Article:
Collaborative Divorce and Family Law Blog, Seattle 2009-10-07 04:41:00

I just received updated information from the International Academy of Collaborative Professionals Research Project. The research, independently conducted by Crescent Research, provides some interesting data. I found these statistics particularly noteworthy:
  • Resolutions and Mediator Use. 90% of cases resolved through the Collaborative process. This very high success rate was achieved, even though almost none of the cases included a mediator -- a mediator was included in only 3% of cases. These two statistics reflect the successful formula of the Collaborative process, where the attorneys and other professional team members facilitate the cases. Of the ten percent that terminate the Collaborative law process without resolution, many later settled without trial; however, the research study did not track those cases.
  • Duration. 47% of cases complete in less than 7 months and 61% in less than 9 months. 20% take longer than a year.
  • Joint Sessions. In this research study, the average number of joint sessions reported was 4 per case. The average hours per meeting was 2.5.
  • Difficulty of Cases. The professionals rated 40% of the cases as "difficult" or "very difficult." Collaborative law is successfully used for moderate and high conflict cases.
  • Total fees. According to the research study, combined professional fees averaged $32,900 for difficult cases. 83% of clients felt the fees were reasonable or very reasonable.
  • Client Satisfaction. 78% of clients were "somewhat satisfied" or "extremely satisfied." 80% would probably or definitely recommend the process to others.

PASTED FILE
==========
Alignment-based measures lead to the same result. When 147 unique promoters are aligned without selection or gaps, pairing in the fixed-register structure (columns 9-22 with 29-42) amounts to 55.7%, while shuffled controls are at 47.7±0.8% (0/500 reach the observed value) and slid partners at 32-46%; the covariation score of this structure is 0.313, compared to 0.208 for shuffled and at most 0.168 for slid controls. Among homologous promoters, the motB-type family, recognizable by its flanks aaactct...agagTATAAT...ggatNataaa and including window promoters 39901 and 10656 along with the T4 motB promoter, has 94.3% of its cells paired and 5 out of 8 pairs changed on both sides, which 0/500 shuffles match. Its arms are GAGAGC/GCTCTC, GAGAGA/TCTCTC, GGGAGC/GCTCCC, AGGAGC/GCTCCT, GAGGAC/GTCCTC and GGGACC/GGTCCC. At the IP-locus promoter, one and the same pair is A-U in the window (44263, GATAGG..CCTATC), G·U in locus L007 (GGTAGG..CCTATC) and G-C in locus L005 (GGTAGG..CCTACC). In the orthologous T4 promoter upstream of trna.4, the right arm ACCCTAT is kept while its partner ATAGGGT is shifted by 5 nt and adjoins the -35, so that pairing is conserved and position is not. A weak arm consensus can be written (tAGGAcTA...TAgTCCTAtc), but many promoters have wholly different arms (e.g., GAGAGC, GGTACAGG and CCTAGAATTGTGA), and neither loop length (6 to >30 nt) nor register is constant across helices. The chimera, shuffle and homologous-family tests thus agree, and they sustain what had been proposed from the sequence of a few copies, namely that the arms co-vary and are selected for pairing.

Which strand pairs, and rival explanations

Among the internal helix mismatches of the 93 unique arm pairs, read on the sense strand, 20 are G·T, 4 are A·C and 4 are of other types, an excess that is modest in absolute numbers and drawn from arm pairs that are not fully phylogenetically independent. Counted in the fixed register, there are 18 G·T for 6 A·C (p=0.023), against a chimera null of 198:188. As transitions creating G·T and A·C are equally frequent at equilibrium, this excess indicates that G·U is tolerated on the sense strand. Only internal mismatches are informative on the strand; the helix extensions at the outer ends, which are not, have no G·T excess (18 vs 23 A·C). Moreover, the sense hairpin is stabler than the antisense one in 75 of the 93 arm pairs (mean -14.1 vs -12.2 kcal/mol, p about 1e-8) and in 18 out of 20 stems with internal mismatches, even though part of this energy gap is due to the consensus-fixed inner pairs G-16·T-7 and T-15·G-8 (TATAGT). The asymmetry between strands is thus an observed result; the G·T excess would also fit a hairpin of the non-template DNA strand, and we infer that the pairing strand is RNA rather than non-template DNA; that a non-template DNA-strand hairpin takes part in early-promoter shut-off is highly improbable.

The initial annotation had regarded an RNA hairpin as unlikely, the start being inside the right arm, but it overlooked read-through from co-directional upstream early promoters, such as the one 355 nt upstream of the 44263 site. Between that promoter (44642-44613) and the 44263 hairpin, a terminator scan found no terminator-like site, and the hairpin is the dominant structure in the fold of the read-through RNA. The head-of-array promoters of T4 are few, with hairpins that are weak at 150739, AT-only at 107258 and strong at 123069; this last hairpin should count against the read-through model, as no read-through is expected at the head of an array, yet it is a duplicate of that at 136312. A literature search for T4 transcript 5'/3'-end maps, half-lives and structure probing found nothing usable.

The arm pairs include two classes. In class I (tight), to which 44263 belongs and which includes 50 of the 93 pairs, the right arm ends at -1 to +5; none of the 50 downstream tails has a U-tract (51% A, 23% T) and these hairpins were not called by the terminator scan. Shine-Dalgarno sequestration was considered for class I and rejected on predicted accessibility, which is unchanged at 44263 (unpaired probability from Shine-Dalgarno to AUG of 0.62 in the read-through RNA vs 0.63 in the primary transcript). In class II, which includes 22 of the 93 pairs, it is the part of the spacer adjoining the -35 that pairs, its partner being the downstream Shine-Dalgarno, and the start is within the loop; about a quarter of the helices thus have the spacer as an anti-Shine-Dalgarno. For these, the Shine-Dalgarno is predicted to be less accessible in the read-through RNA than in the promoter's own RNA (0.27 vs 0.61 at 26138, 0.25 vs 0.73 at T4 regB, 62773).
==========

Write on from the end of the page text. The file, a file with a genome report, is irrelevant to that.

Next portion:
The research was based on 793 cases reported in the last year through August 24, 2009. Most were divorce cases. Given the obstacles to reporting, this is a large number of cases. Literally every Collaborative professional I have spoken to about this survey in the last year has indicated to me that they do not report cases because the requirements to meet IACP's research criteria are simply to complex and difficult.

I would be amazed if any other divorce process yields the satisfaction rates that the Collaborative process shows in this survey. While other processes might yield similar settlement rates, a 78% satisfaction rating highlights that what makes Collaborative divorce different is not the quantity of the cases that settle, but the quality of the settlements and the process. If the value of the service is measured by satisfied clients, then Collaborative law truly stands out as providing a uniquely high value for clients.

Anecdotally, my experience is not dissimilar. The primary differences are that, in my experience, the total attorney's fees in King County tends to be higher than reported in the research, particularly among the more senior and experienced practitioners. This is likely due to regional variations in hourly rates. The total average number of joint sessions is higher in my experience than reported in the study, although that may be reflective of the complexity of the Collaborative Divorce cases that I tend to handle. I would also rate a higher percentage of my cases "difficult" or "very difficult" than reported in the research. Otherwise, this research tracks closely with what I see in my practice.

Most significantly, this research adds to the body of data on the Collaborative divorce process. It provides additional information supporting the Collaborative process as a highly successful conflict resolution process that is quite distinct in terms of the quality of the resolution that is actually achieved in a large percentage of cases.
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